Can words been seen as stock? I’m not too sure, but for my purposes today that is what they are and that is what I’ve been counting. My writer’s shelf is embarrassingly bare; I am not the most prolific of souls and sometimes it gets me a little disheartened. I also write in fits and starts and can never tell how long each burst will last. Finally, my short stories are utterly bizarre in their gestation – there’s usually a research period into the subject matter with a vague idea of how it’s meant to be told, several abandoned handwritten starts in a notebook and then a flourish of typing when I transfer the bones of the drafts to the laptop and begin to flesh the bones out. This can take months. Sometimes it doesn’t happen at all. There’s a tale I really wish to tell about rapper dancers (the kind with swords and bells, not a dreadful cacophony of words and noise and thrusting naked parts). Research is complete – I even played one of their songs note by halting note on my much abused recorder to get the thread of it – and nada. Nothing. Abandoned pages, no story. Just one very bemused and anxious dog sticking her nose up the end of my instrument and begging with me to stop the dreadful racket.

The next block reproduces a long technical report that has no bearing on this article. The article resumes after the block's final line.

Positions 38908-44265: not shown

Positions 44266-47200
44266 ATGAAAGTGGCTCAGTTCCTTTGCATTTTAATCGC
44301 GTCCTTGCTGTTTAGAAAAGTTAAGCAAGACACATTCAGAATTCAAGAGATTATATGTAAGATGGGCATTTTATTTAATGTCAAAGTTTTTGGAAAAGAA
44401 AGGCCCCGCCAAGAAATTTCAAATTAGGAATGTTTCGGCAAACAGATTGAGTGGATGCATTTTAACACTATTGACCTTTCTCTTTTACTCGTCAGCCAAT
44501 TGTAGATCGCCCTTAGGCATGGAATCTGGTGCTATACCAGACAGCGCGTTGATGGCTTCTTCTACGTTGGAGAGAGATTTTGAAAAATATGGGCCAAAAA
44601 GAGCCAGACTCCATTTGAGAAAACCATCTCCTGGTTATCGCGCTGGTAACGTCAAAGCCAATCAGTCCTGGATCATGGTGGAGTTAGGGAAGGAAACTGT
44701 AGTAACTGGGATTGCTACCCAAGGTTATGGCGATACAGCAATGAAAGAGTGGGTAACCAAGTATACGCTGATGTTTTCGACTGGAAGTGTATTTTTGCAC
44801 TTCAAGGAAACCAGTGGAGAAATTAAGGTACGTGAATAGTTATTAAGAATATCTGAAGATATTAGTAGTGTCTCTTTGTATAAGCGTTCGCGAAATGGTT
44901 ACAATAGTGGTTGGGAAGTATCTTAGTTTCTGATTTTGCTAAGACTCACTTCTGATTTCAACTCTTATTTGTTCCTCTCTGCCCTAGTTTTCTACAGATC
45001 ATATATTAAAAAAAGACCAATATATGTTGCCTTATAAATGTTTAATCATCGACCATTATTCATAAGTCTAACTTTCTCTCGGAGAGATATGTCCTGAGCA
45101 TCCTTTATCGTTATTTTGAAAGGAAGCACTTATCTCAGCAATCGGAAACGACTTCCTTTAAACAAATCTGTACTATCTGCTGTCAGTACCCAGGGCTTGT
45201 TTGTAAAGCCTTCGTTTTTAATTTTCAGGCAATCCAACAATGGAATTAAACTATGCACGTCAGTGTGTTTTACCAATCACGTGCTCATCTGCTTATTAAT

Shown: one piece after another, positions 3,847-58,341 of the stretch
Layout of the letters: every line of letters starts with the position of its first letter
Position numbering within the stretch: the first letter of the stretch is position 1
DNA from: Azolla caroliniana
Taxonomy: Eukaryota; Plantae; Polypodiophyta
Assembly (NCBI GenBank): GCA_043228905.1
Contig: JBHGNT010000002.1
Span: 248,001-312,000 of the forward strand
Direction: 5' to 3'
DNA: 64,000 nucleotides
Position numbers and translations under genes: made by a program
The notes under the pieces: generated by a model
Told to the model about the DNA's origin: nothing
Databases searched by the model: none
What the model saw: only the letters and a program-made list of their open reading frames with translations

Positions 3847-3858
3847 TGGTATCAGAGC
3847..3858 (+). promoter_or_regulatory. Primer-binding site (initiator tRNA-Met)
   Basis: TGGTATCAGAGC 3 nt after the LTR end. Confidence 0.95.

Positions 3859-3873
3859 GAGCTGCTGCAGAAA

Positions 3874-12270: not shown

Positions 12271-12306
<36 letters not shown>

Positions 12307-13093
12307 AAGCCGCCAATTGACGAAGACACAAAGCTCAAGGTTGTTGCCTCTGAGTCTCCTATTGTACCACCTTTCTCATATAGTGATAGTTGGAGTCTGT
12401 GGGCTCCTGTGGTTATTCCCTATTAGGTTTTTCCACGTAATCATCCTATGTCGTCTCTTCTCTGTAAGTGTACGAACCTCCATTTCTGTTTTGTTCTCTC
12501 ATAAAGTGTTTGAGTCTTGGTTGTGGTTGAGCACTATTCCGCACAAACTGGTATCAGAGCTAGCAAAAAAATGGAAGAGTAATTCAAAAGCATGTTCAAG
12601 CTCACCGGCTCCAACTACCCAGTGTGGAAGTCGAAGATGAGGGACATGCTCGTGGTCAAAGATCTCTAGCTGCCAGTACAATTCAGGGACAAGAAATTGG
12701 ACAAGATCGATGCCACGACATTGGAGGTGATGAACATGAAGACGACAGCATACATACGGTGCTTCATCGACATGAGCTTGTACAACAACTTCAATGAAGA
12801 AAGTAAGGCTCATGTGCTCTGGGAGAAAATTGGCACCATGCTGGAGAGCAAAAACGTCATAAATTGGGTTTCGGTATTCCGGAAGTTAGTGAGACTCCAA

So, bare cupboards. Lots of scrag ends, little tangible. To get over this hump I’ve had a look at the work I was attempting to complete last year. Two novels, Breaking the Angel and Poison Prince remain incomplete. However, looking behind that at the drafts so far I’m actually pretty happy. BTA has shifted shape a number of times, being the first vague idea I ever had for a novel. It’s now at 63,387 words – and I’m aiming for it to be complete at 80,000. I’m finally happy with the structure and direction. I am way over the initial writing crisis with this one and I am planning book 2, ensuring that certain threads are planted in the story arc at this stage to give continuity without being heavy handed. Given that at work I churn out 20,000 word reports on a pretty frequent basis, I can see the finish line for the first draft with this one and I’m going to prioritise it this winter / spring because then I can actually say ‘bloody hell, I wrote a novel!’. It may never go anywhere other than my laptop and Wattpad, but I really don’t care – the mental line of finishing will have been crossed. And without a forcible / sackable deadline, I am a crappy starter / finisher. An excerpt: